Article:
CAPE CORAL, Fla. - The Cape Coral city council heard a committee's suggestions for changes to the city charter on Monday night. Among the 11 proposals: pay council members more, with the argument it could be good for the city.
"Our council is paid half of what normal cities our size make," said charter commission member Steven Crane.
Council members are among Cape Coral's lowest-paid city employees, making about $16,000 a year. The mayor makes a couple thousand more.
A citizen charter review committee says the city's leaders are tasked with a heavy workload, and the low pay limits who's willing to run for office and take on the responsibility.
"You wind up with people that don't need money on your council, for example, retired people who already have established income," Crane said.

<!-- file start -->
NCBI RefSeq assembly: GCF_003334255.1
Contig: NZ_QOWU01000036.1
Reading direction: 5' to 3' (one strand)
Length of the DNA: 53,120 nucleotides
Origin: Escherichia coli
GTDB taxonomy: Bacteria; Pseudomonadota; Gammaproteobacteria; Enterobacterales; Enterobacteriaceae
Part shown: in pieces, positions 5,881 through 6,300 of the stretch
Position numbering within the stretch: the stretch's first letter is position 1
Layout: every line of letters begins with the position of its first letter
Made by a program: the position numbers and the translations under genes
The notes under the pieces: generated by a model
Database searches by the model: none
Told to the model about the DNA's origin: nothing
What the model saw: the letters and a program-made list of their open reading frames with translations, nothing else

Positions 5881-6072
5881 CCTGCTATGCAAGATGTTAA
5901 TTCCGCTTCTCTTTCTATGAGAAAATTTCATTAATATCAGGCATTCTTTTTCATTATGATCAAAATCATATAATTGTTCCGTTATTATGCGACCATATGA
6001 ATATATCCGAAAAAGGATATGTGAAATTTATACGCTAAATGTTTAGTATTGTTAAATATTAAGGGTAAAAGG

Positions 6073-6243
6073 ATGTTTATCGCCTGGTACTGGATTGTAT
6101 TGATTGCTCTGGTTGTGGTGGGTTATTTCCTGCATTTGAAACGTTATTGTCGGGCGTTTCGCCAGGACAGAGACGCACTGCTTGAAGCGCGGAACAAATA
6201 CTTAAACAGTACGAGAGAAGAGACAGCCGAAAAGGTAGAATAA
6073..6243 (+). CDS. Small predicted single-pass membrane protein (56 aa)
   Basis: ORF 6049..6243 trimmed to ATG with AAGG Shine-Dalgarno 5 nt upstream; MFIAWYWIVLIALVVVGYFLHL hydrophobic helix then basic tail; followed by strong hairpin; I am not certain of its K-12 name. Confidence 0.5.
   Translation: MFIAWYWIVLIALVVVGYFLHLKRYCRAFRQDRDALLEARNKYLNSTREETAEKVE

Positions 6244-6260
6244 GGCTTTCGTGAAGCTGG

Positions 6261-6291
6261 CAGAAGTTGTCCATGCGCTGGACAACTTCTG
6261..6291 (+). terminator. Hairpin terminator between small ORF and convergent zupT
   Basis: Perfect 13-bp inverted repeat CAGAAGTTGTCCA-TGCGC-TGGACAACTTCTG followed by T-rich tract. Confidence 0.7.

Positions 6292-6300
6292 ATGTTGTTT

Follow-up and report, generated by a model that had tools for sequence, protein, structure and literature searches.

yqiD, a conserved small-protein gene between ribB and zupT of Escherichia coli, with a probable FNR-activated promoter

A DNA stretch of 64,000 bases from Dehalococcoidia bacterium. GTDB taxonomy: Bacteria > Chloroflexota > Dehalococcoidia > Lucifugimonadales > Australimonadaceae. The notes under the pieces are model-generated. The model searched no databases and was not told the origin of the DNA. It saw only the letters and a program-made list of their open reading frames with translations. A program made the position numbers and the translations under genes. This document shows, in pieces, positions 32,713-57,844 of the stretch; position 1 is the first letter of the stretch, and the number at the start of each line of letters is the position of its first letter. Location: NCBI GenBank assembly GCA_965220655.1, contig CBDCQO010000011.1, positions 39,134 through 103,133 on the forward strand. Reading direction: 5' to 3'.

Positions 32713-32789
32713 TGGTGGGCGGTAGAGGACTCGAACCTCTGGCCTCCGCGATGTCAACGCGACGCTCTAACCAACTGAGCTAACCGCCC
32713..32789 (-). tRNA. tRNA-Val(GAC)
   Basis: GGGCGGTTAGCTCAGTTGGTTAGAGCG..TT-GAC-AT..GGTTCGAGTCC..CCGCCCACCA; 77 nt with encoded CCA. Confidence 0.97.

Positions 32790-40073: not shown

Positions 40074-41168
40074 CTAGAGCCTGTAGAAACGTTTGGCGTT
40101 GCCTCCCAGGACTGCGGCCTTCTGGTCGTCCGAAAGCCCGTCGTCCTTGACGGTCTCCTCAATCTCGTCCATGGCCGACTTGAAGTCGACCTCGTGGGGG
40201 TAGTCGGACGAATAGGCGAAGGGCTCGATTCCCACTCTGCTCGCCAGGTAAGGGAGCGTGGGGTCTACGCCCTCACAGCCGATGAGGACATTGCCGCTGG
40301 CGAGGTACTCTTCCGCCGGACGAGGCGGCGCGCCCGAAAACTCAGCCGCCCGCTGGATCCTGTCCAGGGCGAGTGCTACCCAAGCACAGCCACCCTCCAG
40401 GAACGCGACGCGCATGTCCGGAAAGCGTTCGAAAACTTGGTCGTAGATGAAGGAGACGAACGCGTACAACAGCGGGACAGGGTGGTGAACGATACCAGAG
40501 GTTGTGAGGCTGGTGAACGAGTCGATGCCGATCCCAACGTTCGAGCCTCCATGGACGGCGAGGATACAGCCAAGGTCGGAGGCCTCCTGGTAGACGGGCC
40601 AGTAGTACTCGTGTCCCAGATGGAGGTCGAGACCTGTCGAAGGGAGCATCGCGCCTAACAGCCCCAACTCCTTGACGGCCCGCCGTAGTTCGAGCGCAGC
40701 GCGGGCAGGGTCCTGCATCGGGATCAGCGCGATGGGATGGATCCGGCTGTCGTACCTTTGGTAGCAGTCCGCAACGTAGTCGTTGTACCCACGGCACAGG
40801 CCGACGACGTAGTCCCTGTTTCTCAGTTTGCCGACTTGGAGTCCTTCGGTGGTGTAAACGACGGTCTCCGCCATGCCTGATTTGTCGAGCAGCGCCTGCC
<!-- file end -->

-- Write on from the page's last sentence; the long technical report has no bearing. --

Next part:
That's true for some of the current council; though others, like Kevin McGrail, also hold down day jobs.
"To be honest I did not run for council because of the compensation, but I'm working a full time job as a medical technologist," McGrail said. "Its tough, I have to work two jobs."
Right now, council members and the mayor are paid based on the number of registered voters. The charter group offered two plans to change that: base pay on the larger total population, or allow the council to set their own salaries, which McGrail finds dangerous.
"That unlimited ability to change your pay scares the average person," McGrail said.
Several on the council say discussing pay raises at all in the current economic climate may not be the best move.
"It's very hard for me to say, yes, it's a go, when we're asking city employees to take cuts," said Mayor John Sullivan.
The council has not said when it will make a decision on which charter changes will go to voters. If a pay raise change is approved based on population, it would amount to about $10,000 more for each council member, or about $80,000 more in taxpayer dollars.